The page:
Government should go after big corporates – not the self-employed

Ryan Bembridge

March 10, 2017

philiphammond

The government should focus on taxing big corporates rather than the self-employed, Online Mortgage Advisor’s director Pete Mugleston said.

Philip Hammond (pictured) announced controversial plans to hike National Insurance for the self-employed in Wednesday’s Budget despite the Tory manifesto promising not to raise NI rates.

Mugleston said: “If HMRC isn’t doing its job to tax companies effectively then that is another issue, one that needs addressing at highest level to recoup the billions of tax dodged by big corporates, rather than harming those lower-earning entrepreneurs that the country and our economy needs.”

Levelling the playing field for self-employed mortgages

Prime Minister Theresa May was forced to defend the National Insurance change after it sparked a backlash from Conservative MPs such as Iain Duncan Smith, John Redwood, Anna Soubry and Dominic Raab.

The move has now been delayed until autumn, while May said Hammond would listen to concerns over the change.

Mugleston added: “Our economy has seen an increase in self-employment for all manner of reasons, including innovation in technology and the internet revolutionising how many people live and work, as well no doubt, as a change in mindset for many ex-employees made redundant in the credit crisis who have since learned to survive on their own initiative, rather than rely on a corporate employed contract.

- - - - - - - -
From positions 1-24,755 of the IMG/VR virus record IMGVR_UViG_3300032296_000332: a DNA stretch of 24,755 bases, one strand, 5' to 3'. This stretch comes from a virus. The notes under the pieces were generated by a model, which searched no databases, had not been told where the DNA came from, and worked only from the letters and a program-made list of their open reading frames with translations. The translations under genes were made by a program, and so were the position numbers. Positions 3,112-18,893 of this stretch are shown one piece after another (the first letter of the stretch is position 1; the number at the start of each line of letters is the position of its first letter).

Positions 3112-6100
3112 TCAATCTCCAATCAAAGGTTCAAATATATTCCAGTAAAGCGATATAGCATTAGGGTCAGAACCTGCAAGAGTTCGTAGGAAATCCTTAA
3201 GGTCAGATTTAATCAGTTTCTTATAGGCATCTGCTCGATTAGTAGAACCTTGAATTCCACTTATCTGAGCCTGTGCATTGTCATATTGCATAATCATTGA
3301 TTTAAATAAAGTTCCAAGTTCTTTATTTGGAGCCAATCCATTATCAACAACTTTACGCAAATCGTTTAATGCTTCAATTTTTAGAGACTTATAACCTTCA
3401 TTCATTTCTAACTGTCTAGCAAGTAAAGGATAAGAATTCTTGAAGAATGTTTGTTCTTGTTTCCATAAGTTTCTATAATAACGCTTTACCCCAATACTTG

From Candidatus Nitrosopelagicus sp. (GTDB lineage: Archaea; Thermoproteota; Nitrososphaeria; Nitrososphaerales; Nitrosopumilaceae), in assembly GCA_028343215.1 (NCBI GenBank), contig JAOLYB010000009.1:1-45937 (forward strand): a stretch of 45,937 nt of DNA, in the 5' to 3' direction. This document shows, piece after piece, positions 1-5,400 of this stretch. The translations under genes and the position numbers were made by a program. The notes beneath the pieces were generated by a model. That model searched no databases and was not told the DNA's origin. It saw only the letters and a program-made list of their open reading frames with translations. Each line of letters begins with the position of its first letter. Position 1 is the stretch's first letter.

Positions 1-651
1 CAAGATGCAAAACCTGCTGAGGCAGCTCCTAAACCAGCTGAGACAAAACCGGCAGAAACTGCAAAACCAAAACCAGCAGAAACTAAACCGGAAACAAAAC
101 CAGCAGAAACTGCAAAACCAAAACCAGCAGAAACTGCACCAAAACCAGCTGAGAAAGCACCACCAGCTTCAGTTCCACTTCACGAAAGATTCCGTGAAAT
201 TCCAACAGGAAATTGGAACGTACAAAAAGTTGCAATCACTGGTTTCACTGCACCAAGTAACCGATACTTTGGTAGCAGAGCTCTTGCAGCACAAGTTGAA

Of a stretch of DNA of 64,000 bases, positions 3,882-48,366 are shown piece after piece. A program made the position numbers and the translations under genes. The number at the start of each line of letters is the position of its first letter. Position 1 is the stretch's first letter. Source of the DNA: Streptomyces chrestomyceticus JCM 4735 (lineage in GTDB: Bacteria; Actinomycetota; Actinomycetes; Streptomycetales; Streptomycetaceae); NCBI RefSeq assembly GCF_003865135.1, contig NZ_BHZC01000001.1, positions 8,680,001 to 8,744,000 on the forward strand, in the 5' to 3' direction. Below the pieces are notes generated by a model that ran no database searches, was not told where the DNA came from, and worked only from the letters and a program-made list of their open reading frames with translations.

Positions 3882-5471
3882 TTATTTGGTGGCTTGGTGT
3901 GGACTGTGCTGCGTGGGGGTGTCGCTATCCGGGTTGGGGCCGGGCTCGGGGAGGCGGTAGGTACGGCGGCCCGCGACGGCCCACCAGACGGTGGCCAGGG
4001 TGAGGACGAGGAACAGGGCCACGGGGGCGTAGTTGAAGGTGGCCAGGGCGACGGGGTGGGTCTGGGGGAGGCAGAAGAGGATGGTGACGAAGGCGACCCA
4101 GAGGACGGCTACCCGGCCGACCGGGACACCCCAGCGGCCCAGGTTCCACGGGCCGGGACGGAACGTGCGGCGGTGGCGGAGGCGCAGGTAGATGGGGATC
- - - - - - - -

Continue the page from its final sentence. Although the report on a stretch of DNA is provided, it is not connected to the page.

“One could argue that it is these people who have helped lift the country out of recession, so for the Chancellor to suggest that the self-employed are only set on avoiding tax is frankly laughable.

“Add this new NI increase to the fact that dividends for limited company directors have already suffered a tax increase, and are set to take another hit, the self-employed would be forgiven for feeling somewhat victimised.

“This push to make taxation equal just doesn’t factor in the obvious negatives self-employed people take on when they set up their own company. In equalising taxation, is the chancellor also going to pay for their time off sick, to negate the lack of employer pension, or offer job security?”

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